The reserve is on the Napo River, about 230 miles east of Quito, near the little town of Limoncocha. It is one of the most bio-diverse areas on the planet, but its flora and fauna have been continually threatened by nearby oil activity since 1975.

After the drive from WildSumaco, we arrived at the headquarters of the Limoncocha Biological Reserve in the early afternoon. We left our car there and were transported to our lodge on the edge of the Limoncocha lagoon, inside the protected area of the reserve, via a motorized canoe.

After putting our things in our cabins, we immediately left to see the eagle nest. It was a 20-minute boat ride back to the reserve headquarters and then a short drive. Next was what was described as a “20 minute boat ride followed by an easy 20-minute walk along a flat trail.” Apparently, that was true when the trail was dry, but there had been rain the previous few days and the trail was flooded. Our local guide, Wymper, told Xavier that I would not be able to walk the trail and that they were going to carry me! I protested that I didn’t need to be treated like a princess, but Wymper insisted. Obviously, they had done this before as they were prepared with a stretcher that I sat upon while they carried me the last third of the trail. There were tree roots and other unseen obstacles under the water making it very difficult to walk, especially while carrying me.

I was impressed by the efforts of these men getting us to the eagle nest and by the wonderful covered platform they had built there, a respectful distance from the nest tree. And, Xavier had walked the flooded trail carrying a scope so that we would have good views. We did not see either adult as one of them had made a food drop a few hours earlier, but at only 4-1/2 months old, this baby already looks like a Harpy Eagle.

The massive Harpy Eagle is a “holy grail” bird for serious birders. Adults have a six to seven foot wingspan, talons the size of grizzly bear claws, and they weigh 9 to 20 pounds (females are larger than males). Compare that to a Bald Eagle, not a small bird, that tops out at 14 pounds. These apex predators hunt mainly in the canopy and consume a variety of prey, but they have a propensity for small monkeys and sloths. Their large range extends from Central America throughout most of South America, but they are rare everywhere. Sadly, the population is believed to be declining due to habitat loss and direct persecution. Harpy Eagle is classified by BirdLife International as Near Threatened.

After we spent an hour or so watching the eaglet, we retraced our route back to the lodge in time for a simple but tasty dinner. Limoncocha Ecolodge never had hot water and had electricity for only a couple of hours each day, but it was clean, safe, and comfortable.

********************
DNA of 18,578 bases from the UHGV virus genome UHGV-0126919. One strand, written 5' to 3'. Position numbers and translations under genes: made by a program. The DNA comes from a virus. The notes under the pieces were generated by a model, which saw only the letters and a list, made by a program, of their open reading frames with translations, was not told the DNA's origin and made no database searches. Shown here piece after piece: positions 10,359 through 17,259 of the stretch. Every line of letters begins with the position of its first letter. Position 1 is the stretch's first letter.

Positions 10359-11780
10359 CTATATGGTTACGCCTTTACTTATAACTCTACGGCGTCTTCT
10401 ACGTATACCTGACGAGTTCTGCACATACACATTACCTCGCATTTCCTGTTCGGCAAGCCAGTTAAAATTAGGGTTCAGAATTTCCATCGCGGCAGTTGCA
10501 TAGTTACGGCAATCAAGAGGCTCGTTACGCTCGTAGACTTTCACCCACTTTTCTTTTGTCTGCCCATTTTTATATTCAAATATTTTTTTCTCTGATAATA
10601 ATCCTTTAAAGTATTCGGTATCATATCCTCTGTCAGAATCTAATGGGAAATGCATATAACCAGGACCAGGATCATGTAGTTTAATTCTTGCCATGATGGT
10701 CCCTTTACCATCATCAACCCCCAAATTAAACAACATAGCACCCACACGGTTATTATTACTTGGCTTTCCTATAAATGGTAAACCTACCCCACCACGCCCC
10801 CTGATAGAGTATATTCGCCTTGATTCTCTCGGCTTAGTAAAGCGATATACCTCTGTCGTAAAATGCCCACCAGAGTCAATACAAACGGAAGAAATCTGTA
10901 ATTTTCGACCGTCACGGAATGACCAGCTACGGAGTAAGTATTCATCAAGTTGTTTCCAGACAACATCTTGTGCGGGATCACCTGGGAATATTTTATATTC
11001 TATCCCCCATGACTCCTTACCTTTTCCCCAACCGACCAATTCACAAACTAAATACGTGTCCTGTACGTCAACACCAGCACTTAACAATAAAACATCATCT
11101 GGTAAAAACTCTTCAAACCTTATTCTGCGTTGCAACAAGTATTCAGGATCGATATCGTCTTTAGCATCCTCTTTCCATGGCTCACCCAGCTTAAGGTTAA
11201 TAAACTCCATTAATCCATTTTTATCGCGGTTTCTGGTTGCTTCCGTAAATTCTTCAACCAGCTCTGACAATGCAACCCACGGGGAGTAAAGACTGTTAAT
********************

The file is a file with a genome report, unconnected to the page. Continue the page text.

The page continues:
We started the next day, April 28, on the lagoon at 5:39 am. Hoatzin could be the poster bird for Limoncocha. There were many of them around the lagoon, including a female on a nest right by the dock for the lodge.

We saw a Limpkin, a very familiar bird from all my trips to Florida, but it looked quite different from the Limpkins I knew. Later, I learned that there are several subspecies and the Limpkins in South America are “brown-backed.” Below, the Limpkin at Limoncocha on the left and a Limpkin from Florida on the right.

We also saw an Azure Gallinule that morning. My photos are not as good as I’d like, but most were taken from a boat and we were never as close to the birds as we’d been when feeder watching.

We returned to the lodge shortly after 8:00 am for breakfast and then we drove to the town of Limoncocha for a little birding there. That’s after a boat ride to get back to the car. The lodge is accessible only by boat. We didn’t see as much as we’d hoped for, but I enjoyed watching a small colony of Russet-backed Oropendolas building their nests.

On the boat trip through the lagoon, as we headed back to the lodge, we saw a beautiful Cocoi Heron.

And, a family of Red-capped Cardinals.

After lunch and a little rest, we spent more time on the lagoon. It was nice seeing many Snail Kites, one of the few familiar birds there. This immature bird was especially cooperative.

One of my biggest surprises was a Ferruginous Pygmy Owl that we first heard, and then saw, in the top of a tree on the far side of the lagoon. This was the bird that I missed in Texas a few years ago, so it was especially sweet to get it on my life list.

Limoncocha lagoon teems with all kinds of wildlife. We saw mostly birds, but I was thrilled to also see these Proboscis Bats roosting on a tree.

Black-capped Donacobius had caught my eye when I was preparing for the trip by reviewing photos of birds seen in the Amazon basin. We saw them earlier, but Xavier and Wymper worked that afternoon to find these shy birds again so that I could have a better look and get photos.

Just before dark, Wymper found our last target, perhaps the most bizarre bird of all the Amazon, a Horned Screamer. This delightful blog post, Screaming Unicorns, includes a video link. This National Geographic article describes the sharpened bone spurs on the wings of these unusual birds. Even a Harpy Eagle wouldn’t mess with these huge birds!

In a day and a half, I had 18 life birds. But, wait, there’s more! After our final boat trip back to the reserve headquarters on our last morning, we had one more bird to see. Antpitta #6 of the trip was White-lored Antpitta, trained to come for worms by a local birder.